Journalist Maria Ressa, who this year won a Nobel Peace Prize for her work in the Philippines as chief executive and co-founder of digital media company Rappler, says she has seen the future. It’s not clear.
“Our dystopia is coming for you,” she said at the DealBook Online Summit on Wednesday.
Ms. Ressa has risked her life and freedom by denouncing the corruption of the government under Rodrigo Duterte, the authoritarian president of the Philippines. She has been arrested, faces numerous legal battles at home and needs permission from the authorities to travel, including to the United States to see her parents.
Winning the Nobel Prize has shed light on her difficulties. But the political struggle in the Philippines continues for reasons beyond local politics, and she believes it is an indicator of what lies ahead for the United States and the world.
Ms Ressa said the dangers she faced have been greatly exacerbated by the way Facebook works, adding to the division and misinformation, she said, ultimately leading to more polarization affecting the election. “Polarization is built into the recommendation engine for growth,” said Ms. Ressa.
She pointed to the Facebook Papers, a trove of thousands of internal documents — including those detailing Facebook’s investigation into its impact on users — leaked by whistleblower Frances Haugen. Ms Ressa asked, “What happens when social media is optimized – in the words of technology – to the point that it is now a behavior change system where information operations change us?”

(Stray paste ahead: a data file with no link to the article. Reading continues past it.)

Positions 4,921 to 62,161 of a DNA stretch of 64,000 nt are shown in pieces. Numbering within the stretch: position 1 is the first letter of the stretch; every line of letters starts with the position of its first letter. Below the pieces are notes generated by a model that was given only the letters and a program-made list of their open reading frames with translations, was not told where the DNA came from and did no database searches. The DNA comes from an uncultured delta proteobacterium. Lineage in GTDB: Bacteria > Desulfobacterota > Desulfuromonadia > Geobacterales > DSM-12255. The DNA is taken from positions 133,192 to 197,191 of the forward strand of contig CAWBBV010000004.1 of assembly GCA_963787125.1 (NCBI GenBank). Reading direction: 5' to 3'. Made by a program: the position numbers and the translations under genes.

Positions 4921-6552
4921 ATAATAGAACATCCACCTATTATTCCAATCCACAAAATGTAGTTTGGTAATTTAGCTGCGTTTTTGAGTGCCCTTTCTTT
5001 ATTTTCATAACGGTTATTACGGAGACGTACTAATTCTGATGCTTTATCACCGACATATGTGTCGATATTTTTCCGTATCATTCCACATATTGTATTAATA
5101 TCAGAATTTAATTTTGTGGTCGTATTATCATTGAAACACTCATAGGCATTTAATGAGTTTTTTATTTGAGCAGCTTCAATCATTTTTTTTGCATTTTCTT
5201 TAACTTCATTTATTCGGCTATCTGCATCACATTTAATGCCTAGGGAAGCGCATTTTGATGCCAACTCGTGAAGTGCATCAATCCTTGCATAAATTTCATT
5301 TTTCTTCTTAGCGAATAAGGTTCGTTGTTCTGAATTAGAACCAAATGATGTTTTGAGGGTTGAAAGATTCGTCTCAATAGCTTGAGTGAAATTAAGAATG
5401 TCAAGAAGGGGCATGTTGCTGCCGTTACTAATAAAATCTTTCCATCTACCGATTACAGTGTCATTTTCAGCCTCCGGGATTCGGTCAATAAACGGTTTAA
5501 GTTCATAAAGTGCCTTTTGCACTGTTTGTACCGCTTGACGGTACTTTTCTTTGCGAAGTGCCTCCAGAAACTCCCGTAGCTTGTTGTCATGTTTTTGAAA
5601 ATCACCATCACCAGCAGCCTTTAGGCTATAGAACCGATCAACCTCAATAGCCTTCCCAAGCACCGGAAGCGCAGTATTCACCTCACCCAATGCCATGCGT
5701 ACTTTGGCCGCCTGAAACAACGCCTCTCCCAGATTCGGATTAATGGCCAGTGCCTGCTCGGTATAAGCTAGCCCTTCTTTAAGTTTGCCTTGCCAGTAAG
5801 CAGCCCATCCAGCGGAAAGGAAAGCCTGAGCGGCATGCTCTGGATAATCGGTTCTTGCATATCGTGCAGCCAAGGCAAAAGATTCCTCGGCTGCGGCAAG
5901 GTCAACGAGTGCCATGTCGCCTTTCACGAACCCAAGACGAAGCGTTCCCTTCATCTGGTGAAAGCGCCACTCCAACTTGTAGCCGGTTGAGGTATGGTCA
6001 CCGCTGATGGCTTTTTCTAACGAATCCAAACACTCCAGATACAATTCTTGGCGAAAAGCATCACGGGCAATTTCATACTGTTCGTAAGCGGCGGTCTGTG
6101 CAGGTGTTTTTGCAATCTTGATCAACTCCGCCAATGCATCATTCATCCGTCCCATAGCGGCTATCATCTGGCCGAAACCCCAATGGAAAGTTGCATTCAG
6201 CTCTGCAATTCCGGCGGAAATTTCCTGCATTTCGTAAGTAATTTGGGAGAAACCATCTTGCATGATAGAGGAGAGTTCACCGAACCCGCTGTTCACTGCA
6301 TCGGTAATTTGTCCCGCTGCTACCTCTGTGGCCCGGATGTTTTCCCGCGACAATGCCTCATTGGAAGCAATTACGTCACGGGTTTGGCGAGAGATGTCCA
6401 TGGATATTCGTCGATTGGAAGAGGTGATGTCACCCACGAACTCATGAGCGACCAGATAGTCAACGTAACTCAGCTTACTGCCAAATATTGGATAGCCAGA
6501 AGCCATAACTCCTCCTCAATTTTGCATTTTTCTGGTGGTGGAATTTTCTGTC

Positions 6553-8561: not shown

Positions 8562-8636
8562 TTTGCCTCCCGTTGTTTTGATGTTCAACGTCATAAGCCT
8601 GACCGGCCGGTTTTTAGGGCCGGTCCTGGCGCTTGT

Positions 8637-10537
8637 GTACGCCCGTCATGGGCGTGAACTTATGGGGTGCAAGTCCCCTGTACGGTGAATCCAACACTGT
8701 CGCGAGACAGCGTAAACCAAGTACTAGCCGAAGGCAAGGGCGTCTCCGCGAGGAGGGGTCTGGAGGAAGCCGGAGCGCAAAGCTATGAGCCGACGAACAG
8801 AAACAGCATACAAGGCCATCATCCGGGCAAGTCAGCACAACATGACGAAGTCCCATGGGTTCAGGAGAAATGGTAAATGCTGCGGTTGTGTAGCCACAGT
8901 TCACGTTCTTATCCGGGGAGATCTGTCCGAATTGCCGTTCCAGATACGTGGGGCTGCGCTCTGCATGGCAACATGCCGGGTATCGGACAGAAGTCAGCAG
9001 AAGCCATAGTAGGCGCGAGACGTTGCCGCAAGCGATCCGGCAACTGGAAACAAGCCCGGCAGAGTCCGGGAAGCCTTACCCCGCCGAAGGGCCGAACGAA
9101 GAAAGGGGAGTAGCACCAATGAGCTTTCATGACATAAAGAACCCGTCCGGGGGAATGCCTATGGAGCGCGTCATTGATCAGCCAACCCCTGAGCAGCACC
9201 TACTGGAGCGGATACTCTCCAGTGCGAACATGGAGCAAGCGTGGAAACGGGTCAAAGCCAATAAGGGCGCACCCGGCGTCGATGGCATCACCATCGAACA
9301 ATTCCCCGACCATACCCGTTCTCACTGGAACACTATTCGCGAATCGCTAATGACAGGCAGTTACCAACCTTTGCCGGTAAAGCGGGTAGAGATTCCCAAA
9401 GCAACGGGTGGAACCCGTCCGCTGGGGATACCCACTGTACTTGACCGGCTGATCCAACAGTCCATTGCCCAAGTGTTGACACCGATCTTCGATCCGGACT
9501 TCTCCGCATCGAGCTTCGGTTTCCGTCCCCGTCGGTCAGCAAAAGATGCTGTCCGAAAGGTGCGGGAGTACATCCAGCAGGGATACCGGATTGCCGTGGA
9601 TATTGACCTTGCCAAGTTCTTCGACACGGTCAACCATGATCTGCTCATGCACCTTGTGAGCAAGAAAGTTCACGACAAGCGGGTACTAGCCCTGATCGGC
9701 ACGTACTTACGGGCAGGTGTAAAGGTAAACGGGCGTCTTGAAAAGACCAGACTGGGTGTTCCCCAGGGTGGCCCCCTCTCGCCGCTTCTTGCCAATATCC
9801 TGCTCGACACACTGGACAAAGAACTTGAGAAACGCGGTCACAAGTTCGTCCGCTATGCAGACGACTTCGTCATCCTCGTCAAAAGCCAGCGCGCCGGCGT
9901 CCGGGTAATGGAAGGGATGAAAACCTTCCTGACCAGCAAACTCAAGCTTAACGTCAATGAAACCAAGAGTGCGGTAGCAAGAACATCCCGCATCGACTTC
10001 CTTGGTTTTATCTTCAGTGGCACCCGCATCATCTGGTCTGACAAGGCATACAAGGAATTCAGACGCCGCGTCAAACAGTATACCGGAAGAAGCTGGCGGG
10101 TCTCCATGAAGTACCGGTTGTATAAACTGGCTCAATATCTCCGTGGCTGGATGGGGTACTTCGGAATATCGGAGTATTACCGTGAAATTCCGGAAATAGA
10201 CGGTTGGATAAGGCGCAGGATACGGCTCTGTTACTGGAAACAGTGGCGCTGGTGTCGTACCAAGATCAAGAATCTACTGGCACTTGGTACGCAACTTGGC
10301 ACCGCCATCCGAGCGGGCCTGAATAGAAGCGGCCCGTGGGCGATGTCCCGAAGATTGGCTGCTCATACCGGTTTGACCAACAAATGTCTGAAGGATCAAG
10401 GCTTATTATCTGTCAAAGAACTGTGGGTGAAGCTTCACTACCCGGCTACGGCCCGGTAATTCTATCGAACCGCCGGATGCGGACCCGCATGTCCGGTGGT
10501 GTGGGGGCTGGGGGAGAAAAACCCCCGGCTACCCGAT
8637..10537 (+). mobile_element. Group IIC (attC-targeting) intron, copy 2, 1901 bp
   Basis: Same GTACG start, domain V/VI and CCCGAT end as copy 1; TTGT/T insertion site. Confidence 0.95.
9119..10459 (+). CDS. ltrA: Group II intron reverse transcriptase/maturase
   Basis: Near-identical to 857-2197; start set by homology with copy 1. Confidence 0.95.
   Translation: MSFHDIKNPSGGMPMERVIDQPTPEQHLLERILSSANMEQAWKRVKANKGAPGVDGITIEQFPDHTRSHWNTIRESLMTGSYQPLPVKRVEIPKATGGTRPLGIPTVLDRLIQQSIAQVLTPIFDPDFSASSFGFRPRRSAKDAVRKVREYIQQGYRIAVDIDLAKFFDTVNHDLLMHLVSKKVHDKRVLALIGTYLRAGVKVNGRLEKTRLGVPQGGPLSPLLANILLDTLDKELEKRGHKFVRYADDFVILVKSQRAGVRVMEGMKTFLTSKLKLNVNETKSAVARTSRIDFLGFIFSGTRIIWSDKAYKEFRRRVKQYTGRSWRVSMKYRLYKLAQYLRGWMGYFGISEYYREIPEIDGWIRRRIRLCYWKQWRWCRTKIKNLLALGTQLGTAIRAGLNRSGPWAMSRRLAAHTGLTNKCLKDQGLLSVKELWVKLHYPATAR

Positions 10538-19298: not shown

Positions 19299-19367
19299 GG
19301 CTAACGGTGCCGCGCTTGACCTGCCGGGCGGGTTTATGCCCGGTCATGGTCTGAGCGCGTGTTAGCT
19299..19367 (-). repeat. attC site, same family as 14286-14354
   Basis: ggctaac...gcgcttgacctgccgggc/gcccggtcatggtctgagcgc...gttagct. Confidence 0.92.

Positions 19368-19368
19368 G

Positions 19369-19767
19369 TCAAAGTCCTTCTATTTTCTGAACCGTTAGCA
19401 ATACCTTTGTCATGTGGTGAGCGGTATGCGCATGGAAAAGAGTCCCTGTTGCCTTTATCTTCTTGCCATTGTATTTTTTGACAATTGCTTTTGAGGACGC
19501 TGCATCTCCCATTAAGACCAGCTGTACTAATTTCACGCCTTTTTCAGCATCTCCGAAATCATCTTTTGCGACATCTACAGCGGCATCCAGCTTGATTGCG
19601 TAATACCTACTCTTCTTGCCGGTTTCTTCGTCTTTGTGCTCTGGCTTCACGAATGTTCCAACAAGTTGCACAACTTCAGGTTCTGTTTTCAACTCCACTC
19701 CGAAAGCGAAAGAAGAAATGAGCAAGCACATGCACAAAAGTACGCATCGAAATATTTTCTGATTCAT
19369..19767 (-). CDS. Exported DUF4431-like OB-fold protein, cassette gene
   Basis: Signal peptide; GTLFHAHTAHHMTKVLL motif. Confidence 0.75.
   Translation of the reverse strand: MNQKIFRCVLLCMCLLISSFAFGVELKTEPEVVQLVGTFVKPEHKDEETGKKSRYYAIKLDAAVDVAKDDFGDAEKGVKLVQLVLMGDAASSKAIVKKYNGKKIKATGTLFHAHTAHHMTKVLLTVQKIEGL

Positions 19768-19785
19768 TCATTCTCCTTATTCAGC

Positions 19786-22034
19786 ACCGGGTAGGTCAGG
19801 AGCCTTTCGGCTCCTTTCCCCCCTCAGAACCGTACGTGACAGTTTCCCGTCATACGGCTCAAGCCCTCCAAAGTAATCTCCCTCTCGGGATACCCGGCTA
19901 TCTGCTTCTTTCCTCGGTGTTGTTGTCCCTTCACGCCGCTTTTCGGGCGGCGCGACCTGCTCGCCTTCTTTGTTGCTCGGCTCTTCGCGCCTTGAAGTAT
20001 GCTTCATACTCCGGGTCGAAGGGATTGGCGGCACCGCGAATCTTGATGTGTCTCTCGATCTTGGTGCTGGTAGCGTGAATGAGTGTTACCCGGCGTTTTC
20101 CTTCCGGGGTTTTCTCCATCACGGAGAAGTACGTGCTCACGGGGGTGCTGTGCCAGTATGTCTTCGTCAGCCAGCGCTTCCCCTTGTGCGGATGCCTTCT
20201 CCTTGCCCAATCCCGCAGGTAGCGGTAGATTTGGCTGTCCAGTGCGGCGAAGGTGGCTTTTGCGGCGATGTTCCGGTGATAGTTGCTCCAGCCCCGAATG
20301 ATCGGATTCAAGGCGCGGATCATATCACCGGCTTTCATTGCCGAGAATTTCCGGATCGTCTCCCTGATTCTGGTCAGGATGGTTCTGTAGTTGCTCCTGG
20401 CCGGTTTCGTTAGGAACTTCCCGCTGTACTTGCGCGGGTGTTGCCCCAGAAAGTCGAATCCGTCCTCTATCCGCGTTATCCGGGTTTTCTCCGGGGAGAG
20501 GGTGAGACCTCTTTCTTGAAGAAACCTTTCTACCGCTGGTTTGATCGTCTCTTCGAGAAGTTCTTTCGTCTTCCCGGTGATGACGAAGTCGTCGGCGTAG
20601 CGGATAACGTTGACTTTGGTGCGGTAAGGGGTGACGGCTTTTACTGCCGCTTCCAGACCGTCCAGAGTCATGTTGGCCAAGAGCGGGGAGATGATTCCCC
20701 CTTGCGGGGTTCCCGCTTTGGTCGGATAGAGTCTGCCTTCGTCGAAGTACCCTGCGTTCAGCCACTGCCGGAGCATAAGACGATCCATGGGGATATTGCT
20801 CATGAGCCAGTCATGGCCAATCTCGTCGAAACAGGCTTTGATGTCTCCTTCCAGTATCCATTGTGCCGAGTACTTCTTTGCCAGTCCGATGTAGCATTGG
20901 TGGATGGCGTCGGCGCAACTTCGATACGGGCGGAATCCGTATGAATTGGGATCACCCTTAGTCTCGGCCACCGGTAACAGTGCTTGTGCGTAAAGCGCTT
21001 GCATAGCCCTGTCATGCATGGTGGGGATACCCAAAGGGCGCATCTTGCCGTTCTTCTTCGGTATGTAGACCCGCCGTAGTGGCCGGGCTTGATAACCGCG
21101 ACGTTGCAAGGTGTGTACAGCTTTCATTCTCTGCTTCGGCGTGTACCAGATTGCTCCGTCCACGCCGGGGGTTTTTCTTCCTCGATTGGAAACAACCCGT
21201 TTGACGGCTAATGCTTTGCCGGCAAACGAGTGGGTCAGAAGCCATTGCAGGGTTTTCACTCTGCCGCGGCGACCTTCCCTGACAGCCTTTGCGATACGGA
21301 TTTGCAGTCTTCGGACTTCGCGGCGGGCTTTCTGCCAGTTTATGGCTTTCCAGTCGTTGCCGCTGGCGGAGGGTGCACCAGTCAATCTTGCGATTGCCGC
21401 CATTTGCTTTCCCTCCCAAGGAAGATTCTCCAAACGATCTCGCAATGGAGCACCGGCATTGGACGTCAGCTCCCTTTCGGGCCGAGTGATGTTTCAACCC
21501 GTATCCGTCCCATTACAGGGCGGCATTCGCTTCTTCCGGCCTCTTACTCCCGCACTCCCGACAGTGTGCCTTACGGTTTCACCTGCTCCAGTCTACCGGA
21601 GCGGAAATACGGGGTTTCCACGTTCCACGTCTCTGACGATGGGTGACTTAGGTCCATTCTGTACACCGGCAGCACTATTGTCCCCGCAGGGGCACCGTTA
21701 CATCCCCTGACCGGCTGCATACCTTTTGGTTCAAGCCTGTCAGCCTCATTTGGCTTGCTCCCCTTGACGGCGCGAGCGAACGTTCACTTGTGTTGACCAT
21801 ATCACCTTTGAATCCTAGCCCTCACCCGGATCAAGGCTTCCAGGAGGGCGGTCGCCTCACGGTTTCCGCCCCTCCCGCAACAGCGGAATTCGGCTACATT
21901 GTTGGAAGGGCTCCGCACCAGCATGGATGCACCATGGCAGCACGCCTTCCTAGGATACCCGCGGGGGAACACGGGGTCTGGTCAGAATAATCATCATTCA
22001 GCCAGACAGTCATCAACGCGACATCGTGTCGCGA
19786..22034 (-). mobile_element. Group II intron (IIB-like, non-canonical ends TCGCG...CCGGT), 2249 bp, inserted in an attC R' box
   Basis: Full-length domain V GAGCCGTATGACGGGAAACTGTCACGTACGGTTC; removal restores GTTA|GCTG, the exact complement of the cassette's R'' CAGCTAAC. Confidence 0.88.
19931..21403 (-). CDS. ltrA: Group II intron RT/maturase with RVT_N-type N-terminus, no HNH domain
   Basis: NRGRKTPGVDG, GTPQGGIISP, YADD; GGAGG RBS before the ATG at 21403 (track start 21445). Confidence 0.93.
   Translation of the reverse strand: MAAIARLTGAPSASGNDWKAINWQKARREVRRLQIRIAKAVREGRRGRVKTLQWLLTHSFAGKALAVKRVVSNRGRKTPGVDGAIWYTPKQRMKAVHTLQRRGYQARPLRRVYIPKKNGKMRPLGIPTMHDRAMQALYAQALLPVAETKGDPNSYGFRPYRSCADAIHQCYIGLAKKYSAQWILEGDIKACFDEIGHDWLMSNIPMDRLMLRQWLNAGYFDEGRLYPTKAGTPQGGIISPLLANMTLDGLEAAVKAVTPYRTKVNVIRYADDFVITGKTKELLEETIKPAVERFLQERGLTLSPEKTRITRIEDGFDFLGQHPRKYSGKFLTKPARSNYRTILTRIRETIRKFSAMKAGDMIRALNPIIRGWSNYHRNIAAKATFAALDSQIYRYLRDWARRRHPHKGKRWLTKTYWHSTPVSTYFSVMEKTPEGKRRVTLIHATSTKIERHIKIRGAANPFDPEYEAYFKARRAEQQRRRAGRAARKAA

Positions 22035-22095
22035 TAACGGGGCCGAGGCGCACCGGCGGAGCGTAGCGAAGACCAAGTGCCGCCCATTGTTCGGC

Ms. Ressa said that when Rappler started in 2012, she had high hopes for Facebook. “I drank the Kool-Aid,” she said. “I thought we could use technology to jump-start development, to build institutions from the bottom up. Until 2016 it went pretty well.”
But then, she said, she started noticing changes in the kind of information that bolstered the platform. Rappler began monitoring the link between the social media giant and current events such as Brexit, the election of Emmanuel Macron in France and the election of Donald Trump in the United States.
“I went to Facebook in Singapore with the data we had that was quite alarming,” she said. “And I gave it to them and thought they would do something immediately so we could do the story because we were partners. And they didn’t.”
A few months later, Rappler published a series called “Weaponizing the Internet,” and Ms. Ressa says she was bombarded with about 100 messages an hour. “If you expose the machine,” she said, “the machine will come for you.”
But Ms. Ressa said she didn’t believe breaking up Facebook was the solution because other companies are using similar algorithms. Instead, she insisted on regulating the algorithms.
Algorithms, she said, are contributing to an erosion of democracy worldwide, not least in the Philippines, where presidential elections will be held next year.
“This is existential,” Mrs. Ressa said. “We are, as it were, on the abyss. And if we don’t get the rule of law back in these elections, I don’t know what will happen to us.”
Watch the full interview: